I am completing my masters in a few months, and going for a job. I want to pursue my doctorate after 3-4 years of working. Is it better to speak with professors now, if they want to be my guide once I come back? Or better to reach them when I finally decide to come back to the university and start preparing for the entrance exam for Ph.D. ? (That is a few years from now).

  • I don‘t see any downside doing it as early as possible. It’s probably too far off for them to make a final decision, but you can clarify if they are interested and potential issues.
    – bdecaf
    May 6 at 6:25

2 Answers 2


Even if you don't want to work with them in the future, or change your mind one way or another, it is good to reach out while you still have an active connection to them. If nothing else, you will want letters of recommendation from them and it is all too easy for a professor to lose track of you over a few years. They have other students they are more actively thinking about after even a couple of years.

If you speak to them (preferable to writing) you can also ask what you might do in the interim to increase your chances of success in a doctoral program.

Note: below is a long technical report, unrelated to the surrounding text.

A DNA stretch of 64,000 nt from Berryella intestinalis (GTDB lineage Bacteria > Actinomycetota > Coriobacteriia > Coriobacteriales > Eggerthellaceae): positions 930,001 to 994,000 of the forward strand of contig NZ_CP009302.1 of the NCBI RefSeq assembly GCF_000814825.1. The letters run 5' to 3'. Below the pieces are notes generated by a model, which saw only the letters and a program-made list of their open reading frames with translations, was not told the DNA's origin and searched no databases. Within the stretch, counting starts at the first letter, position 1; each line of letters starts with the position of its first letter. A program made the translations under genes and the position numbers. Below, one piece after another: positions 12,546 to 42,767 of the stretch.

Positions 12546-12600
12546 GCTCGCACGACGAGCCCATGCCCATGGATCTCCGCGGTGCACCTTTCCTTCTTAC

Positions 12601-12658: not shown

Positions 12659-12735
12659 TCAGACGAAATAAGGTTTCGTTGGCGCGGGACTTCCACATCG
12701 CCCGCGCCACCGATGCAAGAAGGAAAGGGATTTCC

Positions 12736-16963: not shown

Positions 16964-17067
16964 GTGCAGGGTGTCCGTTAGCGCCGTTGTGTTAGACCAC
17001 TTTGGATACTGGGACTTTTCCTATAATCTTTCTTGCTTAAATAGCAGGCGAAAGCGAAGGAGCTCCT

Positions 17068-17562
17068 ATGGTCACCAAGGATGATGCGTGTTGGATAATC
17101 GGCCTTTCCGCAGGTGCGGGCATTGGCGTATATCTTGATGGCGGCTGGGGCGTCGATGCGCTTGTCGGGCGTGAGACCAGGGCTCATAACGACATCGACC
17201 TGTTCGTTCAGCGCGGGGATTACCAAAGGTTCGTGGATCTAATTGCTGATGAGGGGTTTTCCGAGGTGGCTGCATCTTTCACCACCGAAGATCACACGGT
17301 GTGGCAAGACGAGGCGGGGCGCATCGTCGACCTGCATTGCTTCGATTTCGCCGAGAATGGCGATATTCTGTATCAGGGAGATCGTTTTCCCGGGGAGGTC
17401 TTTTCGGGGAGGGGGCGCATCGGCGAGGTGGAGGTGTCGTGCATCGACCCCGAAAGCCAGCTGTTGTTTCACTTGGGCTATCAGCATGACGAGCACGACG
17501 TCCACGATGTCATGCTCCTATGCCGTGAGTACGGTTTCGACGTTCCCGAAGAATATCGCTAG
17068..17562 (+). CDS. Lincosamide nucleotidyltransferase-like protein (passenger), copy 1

Note that in some places a professor might have little to say about graduate admissions (US, in particular, where it is a committee decision). But you still want to prepare them for a future ask. A wise professor will keep some notes about you, or even preemptively write a LoR and file it for future use so they don't forget details that might help.

I've been in that situation as a professor and had to ask the student to remind me of a few interactions we had to jog my memory.

No one, of course, will agree now to admit you in 3-4 years as things will likely change. They might not even be around then for various reasons.


No harm in engaging with your current supervisor about this as you have that connection already. They may also provide advice about things you can keep in mind while working, and what to do when ready to start your PhD. So for that reason, I'd recommend talking with them now than after 3-4 years working without contact.

  • My current supervisor is a good person, but he is retiring in a few years, so i am thinking, he will not be here once I come back. But yes, good suggestion, I can always seek advice from him on this regard. May 17 at 13:26

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